For 20 years, online retailers have wielded an advantage over their Main Street competitors because of the data they have on their customers and their ability to interpret it.
The vast majority of traditional retailers have now opened their own e-commerce stores to get back that market share. They’re building up their customer databases and using emerging artificial intelligence tech to become more efficient and to improve their revenues.
In this article, we explore what AI is. Then, we share 18 examples of how AI helps retailers cut costs, keep their customers happy, and compete with their online rivals.
Automation and artificial intelligence explained
The retail business is complicated. The stakes are so high that retail stores need automation and AI to compete. On many issues, it’s now too risky to rely on human decision-making alone.
Thanks to AI’s ability to analyze data and solve problems, it can answer the following questions quicker, cheaper and, over time, more accurately:
- What will customers want to buy in Q4 and in what volume?
- How many of these items do we need to hold in individual store inventories and for online customers?
- If a customer wants to buy X, what else would they be interested in purchasing?
- Who is likely to spend the most money on products in the next three months?
- Who is most likely to upgrade to a premium product?
- What group of customers will respond best to a new promotion?
How AI-powered predictions are changing retail
Using AI improves the in-store and online experience for customers and staff. Its predictions also make it possible to purchase just the right quantities of stock and raw materials, reducing costs and waste for retailers and their supply chain partners.
Investment in biometrics and facial recognition tech, which can detect emotion in shoppers as well as measure how long they spend in the store and which products they look at, is expected to reach more than $11 billion by 2030 from its current market size of $4.3 billion, according to Verified Market Research.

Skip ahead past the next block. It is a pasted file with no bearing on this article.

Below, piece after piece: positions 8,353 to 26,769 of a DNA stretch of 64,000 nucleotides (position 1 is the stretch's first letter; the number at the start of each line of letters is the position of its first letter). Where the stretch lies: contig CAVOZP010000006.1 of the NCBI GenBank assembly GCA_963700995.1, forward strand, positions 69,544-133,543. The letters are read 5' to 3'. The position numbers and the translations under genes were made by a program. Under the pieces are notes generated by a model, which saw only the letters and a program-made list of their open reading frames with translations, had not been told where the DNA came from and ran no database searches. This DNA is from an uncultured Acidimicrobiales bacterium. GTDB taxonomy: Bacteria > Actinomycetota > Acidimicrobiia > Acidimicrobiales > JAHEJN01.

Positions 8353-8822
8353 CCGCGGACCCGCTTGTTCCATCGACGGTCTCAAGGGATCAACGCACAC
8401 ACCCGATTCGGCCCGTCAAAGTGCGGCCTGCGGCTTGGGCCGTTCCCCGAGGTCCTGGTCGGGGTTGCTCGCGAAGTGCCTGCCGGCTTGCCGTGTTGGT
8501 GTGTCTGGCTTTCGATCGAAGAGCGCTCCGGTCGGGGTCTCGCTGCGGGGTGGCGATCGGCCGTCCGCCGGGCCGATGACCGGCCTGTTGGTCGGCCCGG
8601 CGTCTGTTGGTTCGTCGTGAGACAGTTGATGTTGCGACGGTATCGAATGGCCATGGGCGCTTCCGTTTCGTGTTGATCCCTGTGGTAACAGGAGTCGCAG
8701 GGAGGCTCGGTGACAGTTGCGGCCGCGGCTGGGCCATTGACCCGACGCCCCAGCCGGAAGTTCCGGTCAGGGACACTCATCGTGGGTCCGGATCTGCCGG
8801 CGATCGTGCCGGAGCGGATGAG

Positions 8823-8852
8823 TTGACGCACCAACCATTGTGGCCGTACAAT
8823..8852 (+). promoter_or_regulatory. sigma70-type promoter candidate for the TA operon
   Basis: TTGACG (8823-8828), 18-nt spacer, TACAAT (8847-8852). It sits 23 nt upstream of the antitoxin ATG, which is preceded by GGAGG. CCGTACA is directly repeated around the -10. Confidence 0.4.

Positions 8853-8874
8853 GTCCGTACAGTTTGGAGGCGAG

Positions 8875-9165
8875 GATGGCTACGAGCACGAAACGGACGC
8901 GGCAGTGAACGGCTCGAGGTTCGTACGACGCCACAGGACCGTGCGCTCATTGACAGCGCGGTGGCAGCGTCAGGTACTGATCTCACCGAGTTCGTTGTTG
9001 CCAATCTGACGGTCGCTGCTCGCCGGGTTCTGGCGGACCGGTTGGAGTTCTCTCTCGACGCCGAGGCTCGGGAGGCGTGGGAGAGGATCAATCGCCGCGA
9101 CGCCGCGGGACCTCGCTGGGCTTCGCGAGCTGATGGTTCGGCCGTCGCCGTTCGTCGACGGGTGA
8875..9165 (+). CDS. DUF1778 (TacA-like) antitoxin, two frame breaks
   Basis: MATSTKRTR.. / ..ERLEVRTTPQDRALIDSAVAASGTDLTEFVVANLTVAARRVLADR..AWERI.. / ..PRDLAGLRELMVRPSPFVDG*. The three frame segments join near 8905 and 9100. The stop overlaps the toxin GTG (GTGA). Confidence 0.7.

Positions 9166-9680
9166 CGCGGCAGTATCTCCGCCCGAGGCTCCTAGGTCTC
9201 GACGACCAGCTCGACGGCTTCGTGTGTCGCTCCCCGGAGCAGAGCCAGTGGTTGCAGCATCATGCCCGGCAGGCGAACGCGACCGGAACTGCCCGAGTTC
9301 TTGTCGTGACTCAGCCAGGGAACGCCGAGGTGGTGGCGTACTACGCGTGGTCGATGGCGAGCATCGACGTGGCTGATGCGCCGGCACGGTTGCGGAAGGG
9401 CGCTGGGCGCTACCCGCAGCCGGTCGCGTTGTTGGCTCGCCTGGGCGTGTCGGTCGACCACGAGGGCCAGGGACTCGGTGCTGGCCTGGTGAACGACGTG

Here are some of the ways retailers can harness the predictive power of AI and machine learning.
Improve the in-store experience.
Retailers create better in-store experiences for shoppers with the following adaptations:
- Adaptive in-store displays. These displays show shoppers individual offers on wall-mounted in-store LED screens as they walk through the store, triggered by their Near Field Communication– (NFC) and Bluetooth-enabled phones.
- Locally tailored window displays. Squeeze maximum value from window displays by only showcasing items that AI apps predict local customers will most likely want throughout the year.
- Personalized customer experiences. Get shoppers in for their own guided 60-minute shop tours. Make sure the items AI indicates that they’ll want are stocked and ready before they come in. The more personalized the customer service, the higher your chance of maximizing sales.
- Automated customized experiences. Fit your changing room mirrors with sensors. If someone’s facial features suggest they’re unhappy with a garment they’re trying on, get AI to suggest alternatives on an adjacent screen right away. If they see something they want, a customer could press a button and a shop assistant could deliver the desired items directly to their cubicle.
- In-store tablets. Invite a customer to use an in-store tablet if what they want is not in stock at that location. If they find something they do want from your full range of inventory, they could place the order there and then arrange for delivery to their home or the nearest store.
- Store layout. Changing a store layout is expensive and disruptive. Get AI to model how people would move through the store based on different configurations and how that affects spending before committing to a new layout.
Know which products to present to customers online.
AI can also drive online sales with the following features:
- Customized homepages. Use your homepage to show customers the products they’re most likely to want based on their browsing behavior and past purchases at similar times during previous years.